However, the chapbook, which will be included as part of a full-length collection of the same name to be published by White Stag Press in 2018, and its accompanying recording, is anything but shy, and instead of compromise, Vodicka owns her explicitness and screams ecstatically into the ether, summoning her audience to engage in the confrontation head-on.

In Psychic Privates, Vodicka employs the obscene to great effect in often hilarious and surprising ways, and cleverly combines her playful diction, love of double-entendres, and humor into a reading experience that asks her audience to suspend their own fastidiousness and discomfort, and instead, to get dirty.

Vodicka takes a carton of matches and a tank of gasoline to the male gaze, sexual violence, and watches it all burn; rearranges the refuse of chauvinism; and reassembles it into a collage, pushing the language and her readers to uncomfortable lengths in order to destroy the language of shame, humiliation, and disenfranchisement.

At its core, Psychic Privates shows readers a refusal to cede power to the expectations of decency, and a repudiation of the pressures of misogyny and bigotry. For even beyond the hilarious and the obscene, there is an incredible vulnerability and strength in Vodicka’s work and as Vodicka turns language on its head, she blindfolds her readers, takes off their civility, and leaves everyone exposed.

While the discussions over artistic license versus artistic responsibility are essential and important (I happen to fall into the latter camp), it is authors like Vodicka, who beckon their audience to push the conversation, the media, and the methods to the edges of possibility in order to wrestle with these complex and controversial ideas, and to find growth in unexpected places.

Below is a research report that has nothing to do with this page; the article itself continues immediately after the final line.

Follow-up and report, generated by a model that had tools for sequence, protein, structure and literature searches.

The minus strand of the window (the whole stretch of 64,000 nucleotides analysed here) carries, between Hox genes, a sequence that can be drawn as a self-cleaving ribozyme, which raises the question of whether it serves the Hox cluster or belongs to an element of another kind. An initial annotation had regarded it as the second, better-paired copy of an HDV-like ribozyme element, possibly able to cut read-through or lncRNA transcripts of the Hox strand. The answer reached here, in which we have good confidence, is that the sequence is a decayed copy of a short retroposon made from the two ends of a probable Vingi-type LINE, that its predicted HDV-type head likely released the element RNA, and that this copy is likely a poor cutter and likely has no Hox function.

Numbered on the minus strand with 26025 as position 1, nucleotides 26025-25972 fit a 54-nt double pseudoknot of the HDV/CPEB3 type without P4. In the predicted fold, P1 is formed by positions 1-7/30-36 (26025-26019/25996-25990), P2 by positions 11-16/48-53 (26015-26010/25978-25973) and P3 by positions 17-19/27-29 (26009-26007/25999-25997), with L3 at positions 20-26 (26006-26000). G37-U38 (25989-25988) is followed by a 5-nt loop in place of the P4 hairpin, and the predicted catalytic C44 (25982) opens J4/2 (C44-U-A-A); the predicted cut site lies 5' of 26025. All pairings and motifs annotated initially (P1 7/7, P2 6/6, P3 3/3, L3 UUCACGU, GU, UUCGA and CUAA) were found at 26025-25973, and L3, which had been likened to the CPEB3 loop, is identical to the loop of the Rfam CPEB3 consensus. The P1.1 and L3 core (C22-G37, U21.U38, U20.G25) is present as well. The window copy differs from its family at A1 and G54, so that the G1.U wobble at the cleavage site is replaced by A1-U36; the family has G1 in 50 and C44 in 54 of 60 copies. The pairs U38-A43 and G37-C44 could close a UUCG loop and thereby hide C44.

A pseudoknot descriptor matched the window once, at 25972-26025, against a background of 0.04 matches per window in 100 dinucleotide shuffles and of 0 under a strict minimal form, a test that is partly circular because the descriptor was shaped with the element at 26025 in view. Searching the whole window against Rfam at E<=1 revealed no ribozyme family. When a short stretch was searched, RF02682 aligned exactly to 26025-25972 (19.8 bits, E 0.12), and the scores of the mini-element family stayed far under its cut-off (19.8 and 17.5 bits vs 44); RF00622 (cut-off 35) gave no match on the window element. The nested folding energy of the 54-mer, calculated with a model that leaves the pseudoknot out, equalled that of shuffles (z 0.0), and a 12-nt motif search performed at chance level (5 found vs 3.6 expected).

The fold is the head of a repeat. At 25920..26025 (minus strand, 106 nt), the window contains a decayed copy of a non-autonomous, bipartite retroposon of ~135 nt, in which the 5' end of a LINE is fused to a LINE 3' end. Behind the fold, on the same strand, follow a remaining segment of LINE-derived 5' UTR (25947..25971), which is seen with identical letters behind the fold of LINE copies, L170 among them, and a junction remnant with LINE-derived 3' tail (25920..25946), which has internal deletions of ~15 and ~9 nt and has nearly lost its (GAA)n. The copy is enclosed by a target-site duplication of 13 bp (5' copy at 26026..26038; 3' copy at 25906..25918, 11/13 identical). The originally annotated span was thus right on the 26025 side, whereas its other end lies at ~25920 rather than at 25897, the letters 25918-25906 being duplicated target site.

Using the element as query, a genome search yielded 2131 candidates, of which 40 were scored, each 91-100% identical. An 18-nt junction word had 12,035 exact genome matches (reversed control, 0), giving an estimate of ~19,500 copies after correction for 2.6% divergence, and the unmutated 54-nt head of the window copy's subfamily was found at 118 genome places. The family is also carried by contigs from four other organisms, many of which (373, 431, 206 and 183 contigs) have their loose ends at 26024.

Even as academics, poets, readers, and reviewers, continue to hash out these disagreements online and in print, if anything, it is the itchy hilarity, exquisite vulgarity, revolting beauty, and difficult possibilities of work like Psychic Privates that continues to make these poignant discussions necessary, and for that, I am thankful.

An Exquisite Vulgarity

Fish in Exile by Vi Khi Nao, Coffee House Press, pp. 192 


Fish in Exile, Vi Khi Nao’s debut novel, explores the depths of parental loss through the lenses of the two main characters, Ethos and Catholic. Both characters act as bookends to the often phantasmagoric journey of their emotional turmoil as they navigate the gauntlet of the loss of their two children, an extramarital affair, and even the psycho-sexual complexities of a Jocasta complex amidst the backdrop of the fragile architecture of a homemade aquarium and the constant presence of an unforgiving sea.

What unfolds is an intricate tapestry of raw emotional power charged with eroticism that manifests in surreal scenes wherein Ethos and Catholic become engines of loss, love, fear, humor, hate, and redemption. This power coupled with Nao’s intricate, defiant, introspective, and precise lyricism makes for a haunting read.

Occupying a myriad of spaces and spanning genres and mediums, Nao’s work is a multi-faceted examination of the intersecting spaces of the religious, the corporeal, the industrial, and the pastoral. Equal parts devastation and uncompromising beauty, Vi Khi Nao will undoubtedly remain a force to be reckoned with.